Huntingdon, Pa. —When it comes to black bears, Pennsylvania has the best of both worlds.
The Keystone State usually ranks among the top five in overall kills of any state or province in North America. And there are some truly world-class specimens among the thousands of bruins hunters take here each fall.
You might ask, what does it take to make a true trophy bear? Skull measurements (the length added to the width) are used to make that determination. A skull measuring 19 inches is needed to make the Pennsylvania record book, and there are currently 736 such entries.
Normally a bear needs to weigh in excess of 400 pounds to have such a skull measurement, so that weight is the benchmark used here to determine trophy quality.
Last season, hunters took a record 4,350 bears during the combined bear seasons. Bears were harvested in 54 of the state’s 67 counties, so bruins are widely distributed across the state.
As for trophy-class bears, there were 124 taken last season in 38 counties. That means that a trophy bear is apt to live in an portion of the state where bears reside.
Conscious of high gas prices and the lack of hunting time for many, let’s take a look at the best possibilities for taking a big bear by regions of the state.
In the northwest region, hunters took a total of seven bruins over the 400-pound mark last season.
Forest County led the way with a total of two trophy bears out of the 90 taken there. As for where to concentrate your efforts in this county, the Allegheny National Forest would be the best bet. It offers plenty of public hunting land, and offers out-of-the-way locations where a bear can live and grow to extra large proportions.
The only problem that you might encounter here is getting a big bear out of the backwoods – a challenge that tends to keep the hunting pressure low.
In the southwest region of the state, there were 11 large bears brought to the scales during the 2011 season from six counties. Cambria County led the way with three big bears, while Armstrong, Indiana and Somerset each had two.
Good bets for public land bruins in this region come from around the Prince Gallitzin State Park area, as well as the portion of the Forbes State Forest located on Laurel Mountain.
The northcentral portion of the state, typically the area that dominates the state in the number of bruins taken, also has a lot to offer for trophy potential.
Last year, hunters brought in 45 bears of trophy size, with Potter County leading the way with 13. This county boasts more than a quarter of a million acres of public land tracts to hunt and a big bear could call any one of these its home.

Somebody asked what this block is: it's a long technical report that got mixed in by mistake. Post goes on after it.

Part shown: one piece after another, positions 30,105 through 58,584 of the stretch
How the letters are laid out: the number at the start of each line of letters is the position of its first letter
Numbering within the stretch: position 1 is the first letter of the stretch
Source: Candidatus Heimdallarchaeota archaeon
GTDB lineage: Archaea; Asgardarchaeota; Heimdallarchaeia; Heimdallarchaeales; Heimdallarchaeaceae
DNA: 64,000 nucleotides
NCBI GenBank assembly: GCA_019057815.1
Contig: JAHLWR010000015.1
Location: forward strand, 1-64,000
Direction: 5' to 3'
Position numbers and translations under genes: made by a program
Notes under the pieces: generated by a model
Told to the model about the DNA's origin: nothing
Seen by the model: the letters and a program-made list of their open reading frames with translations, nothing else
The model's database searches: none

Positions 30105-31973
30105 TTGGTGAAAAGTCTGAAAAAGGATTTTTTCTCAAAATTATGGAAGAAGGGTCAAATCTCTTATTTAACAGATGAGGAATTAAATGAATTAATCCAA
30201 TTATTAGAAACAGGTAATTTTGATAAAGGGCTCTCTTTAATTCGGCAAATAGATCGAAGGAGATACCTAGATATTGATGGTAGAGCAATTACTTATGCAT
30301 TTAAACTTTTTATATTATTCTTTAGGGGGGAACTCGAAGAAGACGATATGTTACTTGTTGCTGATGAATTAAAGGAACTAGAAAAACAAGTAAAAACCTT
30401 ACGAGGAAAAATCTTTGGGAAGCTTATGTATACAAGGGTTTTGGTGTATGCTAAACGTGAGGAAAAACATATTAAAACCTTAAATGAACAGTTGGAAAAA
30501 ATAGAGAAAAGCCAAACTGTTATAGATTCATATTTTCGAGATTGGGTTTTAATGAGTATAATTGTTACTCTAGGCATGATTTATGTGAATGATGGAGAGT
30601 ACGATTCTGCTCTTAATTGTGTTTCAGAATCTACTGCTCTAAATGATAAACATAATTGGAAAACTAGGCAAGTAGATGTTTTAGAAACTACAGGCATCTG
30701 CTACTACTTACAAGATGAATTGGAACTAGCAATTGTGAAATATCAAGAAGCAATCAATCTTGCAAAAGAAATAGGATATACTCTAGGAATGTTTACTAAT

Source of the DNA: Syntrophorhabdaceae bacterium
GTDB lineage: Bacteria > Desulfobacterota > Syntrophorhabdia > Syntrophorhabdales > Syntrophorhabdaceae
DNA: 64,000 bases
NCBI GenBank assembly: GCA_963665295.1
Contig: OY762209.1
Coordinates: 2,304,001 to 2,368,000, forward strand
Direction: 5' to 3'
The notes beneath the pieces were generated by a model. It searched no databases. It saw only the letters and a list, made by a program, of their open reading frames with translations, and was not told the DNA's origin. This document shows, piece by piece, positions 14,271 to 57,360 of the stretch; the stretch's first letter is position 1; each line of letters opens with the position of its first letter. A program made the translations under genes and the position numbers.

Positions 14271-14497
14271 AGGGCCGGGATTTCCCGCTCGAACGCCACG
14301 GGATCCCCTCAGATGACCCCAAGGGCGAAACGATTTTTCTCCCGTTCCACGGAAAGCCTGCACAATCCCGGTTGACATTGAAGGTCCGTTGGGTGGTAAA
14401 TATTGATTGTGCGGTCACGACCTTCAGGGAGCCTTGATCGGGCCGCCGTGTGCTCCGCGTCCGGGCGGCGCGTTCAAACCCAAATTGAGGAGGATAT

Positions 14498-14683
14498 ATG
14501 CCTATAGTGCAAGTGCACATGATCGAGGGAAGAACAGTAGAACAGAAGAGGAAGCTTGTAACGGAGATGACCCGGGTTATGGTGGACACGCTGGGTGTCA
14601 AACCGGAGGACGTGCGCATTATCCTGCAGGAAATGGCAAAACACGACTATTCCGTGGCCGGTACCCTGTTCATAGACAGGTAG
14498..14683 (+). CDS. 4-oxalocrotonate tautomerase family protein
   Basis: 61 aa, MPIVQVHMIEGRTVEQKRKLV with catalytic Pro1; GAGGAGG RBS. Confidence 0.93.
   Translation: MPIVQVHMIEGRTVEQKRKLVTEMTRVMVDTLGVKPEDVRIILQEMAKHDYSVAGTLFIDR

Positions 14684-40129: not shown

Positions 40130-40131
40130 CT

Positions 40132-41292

Food determines the location of the bears in this region, and the biggest boars will claim the best food sources. Find the food and you may cross paths with a big bear this season.
The sleeper county in the northcentral part of the state would be Centre. Associated with Penn State University much more than with hunting, this county has more than 230,000 acres of public land for hunting. Hunters last season managed to down six big bruins in this county. This year, reports of bear activity are common all across the region, but you may want to concentrate your efforts in the Tussey Mountain region.
In the southcentral part of the state, a dozen big bears were taken in 2011. Surprisingly, a couple of those came from the fringe of what is considered bear habitat.
Franklin County, with a total kill of 13 bears, produced two big bruins. This county does not contain a lot of mountainous areas which tend to attract bears, so key in on the western and northern border areas for your best bet at intercepting a big bear.
The northeast corner of the state produced the most big bears during last year’s hunting season with 47. Bradford, Pike and Wayne counties led the way with eight big bears each.
Not surprisingly, the best options for big bears in this area are in two key locations: any land in close proximity to the numerous developments in the region and the vast array of swamps scattered across the Pocono region.
The urban southeast portion of the state, where the number of bruins is increasing but habitat continues to diminish, only produced two big bears last season.
One was taken in Northampton County and the other in Schuylkill County. While none were taken in Dauphin County, the mountainous area of State Game Land 211 holds great trophy potential.
It is rugged country, with plenty of steep mountainsides that bruins call home.
Trying to pinpoint a precise area to take a big bear when the overall success rate of bear hunting is less than 5 percent is a difficult one at best. However, looking at the hot spots from last season can be the first step.
This information, in addition to recent recordbook entries, should be enough to point you in the right direction – woods that have the potential of producing those big bruins.